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Can filing for bankruptcy stop a wage garnishment?

Are you facing a wage garnishment due to unpaid debts? Filing for bankruptcy might put a stop to all garnishment activities.

Bankruptcy is a very handy tool for consumers to use when they are saddled with debts that it will be impossible for them to pay. While many debts can be wiped out via bankruptcy, it does not always cancel all debts you may have accrued.

Got a garnishment?

Filing for Chapter 7 or Chapter 13 bankruptcy protection triggers an automatic stay. This stay covers foreclosure and collection activities and many wage garnishments. The stay will typically remain in place until your debts are discharged or your case is closed for other reasons.

Wage garnishments that might not be covered

In most circumstances, if your wages are being garnished for non-payment of child support, back taxes or student loan debts, you will still be on the hook for these debts.

How will my company determine when to stop garnishing my wages?

The court will receive your bankruptcy filing and issue an automatic stay to all covered collection activity immediately. This notification is passed onto your employer instructing them to cease garnishment activity. Your creditor will also receive notification that their payments have been stopped.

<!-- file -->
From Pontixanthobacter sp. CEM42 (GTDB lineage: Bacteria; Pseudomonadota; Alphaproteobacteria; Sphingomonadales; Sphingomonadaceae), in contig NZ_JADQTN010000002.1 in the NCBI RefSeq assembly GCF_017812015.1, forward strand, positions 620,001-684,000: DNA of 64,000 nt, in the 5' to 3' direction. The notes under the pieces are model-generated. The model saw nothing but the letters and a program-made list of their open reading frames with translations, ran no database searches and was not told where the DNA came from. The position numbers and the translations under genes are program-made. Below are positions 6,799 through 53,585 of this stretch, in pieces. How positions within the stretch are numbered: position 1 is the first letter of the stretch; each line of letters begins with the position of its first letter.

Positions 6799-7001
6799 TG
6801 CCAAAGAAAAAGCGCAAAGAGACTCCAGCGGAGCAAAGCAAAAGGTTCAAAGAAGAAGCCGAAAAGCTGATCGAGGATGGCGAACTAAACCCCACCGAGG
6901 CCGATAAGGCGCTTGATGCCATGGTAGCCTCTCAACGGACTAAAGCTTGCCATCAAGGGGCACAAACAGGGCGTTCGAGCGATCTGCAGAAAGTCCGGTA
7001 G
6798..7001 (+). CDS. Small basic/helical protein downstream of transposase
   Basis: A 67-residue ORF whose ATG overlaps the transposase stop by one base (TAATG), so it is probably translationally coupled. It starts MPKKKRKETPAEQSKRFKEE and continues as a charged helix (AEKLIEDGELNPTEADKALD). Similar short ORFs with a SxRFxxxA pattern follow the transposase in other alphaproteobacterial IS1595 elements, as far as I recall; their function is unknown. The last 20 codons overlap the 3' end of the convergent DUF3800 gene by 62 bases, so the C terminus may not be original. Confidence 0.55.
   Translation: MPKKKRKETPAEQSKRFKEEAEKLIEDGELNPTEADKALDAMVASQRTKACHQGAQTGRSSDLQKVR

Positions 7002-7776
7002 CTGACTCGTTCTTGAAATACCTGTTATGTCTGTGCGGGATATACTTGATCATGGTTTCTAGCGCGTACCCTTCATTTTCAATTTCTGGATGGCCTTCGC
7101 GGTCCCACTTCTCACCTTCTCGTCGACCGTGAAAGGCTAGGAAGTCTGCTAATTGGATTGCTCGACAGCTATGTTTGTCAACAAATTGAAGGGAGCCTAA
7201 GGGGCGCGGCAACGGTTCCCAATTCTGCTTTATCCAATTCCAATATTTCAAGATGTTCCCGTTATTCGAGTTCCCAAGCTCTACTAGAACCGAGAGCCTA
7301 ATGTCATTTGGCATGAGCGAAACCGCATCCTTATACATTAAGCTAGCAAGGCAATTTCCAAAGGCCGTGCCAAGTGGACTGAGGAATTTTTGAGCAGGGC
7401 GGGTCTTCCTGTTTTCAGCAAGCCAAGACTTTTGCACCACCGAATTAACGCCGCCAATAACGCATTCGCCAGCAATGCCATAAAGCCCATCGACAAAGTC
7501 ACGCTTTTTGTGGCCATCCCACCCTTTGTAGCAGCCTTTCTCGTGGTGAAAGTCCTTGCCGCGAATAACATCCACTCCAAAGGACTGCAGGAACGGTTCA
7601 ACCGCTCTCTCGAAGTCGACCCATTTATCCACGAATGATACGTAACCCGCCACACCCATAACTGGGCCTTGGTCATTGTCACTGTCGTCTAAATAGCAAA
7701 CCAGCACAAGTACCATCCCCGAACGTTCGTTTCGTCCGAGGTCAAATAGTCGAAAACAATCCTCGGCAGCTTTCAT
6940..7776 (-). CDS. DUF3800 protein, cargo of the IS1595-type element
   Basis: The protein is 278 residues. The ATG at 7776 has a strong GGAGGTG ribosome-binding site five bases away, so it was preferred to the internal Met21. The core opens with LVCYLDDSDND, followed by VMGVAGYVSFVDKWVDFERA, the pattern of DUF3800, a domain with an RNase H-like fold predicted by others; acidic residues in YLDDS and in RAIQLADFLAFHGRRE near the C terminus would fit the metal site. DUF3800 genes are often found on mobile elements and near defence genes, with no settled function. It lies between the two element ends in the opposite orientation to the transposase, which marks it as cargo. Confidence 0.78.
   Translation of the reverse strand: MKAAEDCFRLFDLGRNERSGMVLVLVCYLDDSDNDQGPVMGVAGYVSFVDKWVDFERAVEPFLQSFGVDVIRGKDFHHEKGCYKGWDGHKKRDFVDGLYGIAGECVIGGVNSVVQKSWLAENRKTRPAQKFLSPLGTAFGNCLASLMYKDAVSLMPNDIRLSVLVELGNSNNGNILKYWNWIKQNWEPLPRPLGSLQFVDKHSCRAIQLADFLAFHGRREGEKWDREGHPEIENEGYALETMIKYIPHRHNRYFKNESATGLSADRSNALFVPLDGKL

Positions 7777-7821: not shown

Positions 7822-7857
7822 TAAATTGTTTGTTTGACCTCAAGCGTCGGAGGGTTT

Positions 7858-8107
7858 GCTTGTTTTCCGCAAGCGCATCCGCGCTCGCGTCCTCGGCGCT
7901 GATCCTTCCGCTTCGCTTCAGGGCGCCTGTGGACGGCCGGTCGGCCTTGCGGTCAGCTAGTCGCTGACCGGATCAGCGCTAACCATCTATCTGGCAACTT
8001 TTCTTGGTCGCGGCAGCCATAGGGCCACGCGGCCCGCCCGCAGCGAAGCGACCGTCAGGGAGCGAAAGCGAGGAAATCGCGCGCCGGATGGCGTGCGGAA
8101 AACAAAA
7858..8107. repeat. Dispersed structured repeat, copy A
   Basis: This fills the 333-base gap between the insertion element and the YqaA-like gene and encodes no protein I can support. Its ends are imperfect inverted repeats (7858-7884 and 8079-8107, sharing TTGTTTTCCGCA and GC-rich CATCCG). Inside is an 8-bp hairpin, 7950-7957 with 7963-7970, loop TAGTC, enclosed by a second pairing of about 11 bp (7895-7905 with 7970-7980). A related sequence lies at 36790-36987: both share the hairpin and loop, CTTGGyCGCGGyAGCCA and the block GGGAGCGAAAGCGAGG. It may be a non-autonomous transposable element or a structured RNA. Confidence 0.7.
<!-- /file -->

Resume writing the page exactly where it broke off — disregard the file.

How soon will the garnishment stop?

By your next paycheck, all eligible garnishments should be removed. It is advisable to notify your employer so that they can be on the alert for the cease and desist order. However, creditors can file to have an automatic stay lifted, and the court's stay could be lifted.

Why would the automatic stay get lifted?

Those who have filed for bankruptcy more than once sometimes have their creditors get the stays lifted.

My employer or creditor violated the automatic stay and still is garnishing my wages

Make sure that the company or creditor did indeed receive notification of the automatic stay that's in place. You may be able to get garnished wages returned to you. If all else fails, your attorney can notify the bankruptcy court via a filed motion for violation of the automatic stay.

Because bankruptcy laws are quite complex and often in flux, it is usually advisable to leave the filing of your bankruptcy petition to a legal professional.

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The Law Offices of Philip F. Counce

3333 Poplar Ave.
Memphis, TN 38111

Toll Free: 866-923-1788
Phone: 901-201-6012
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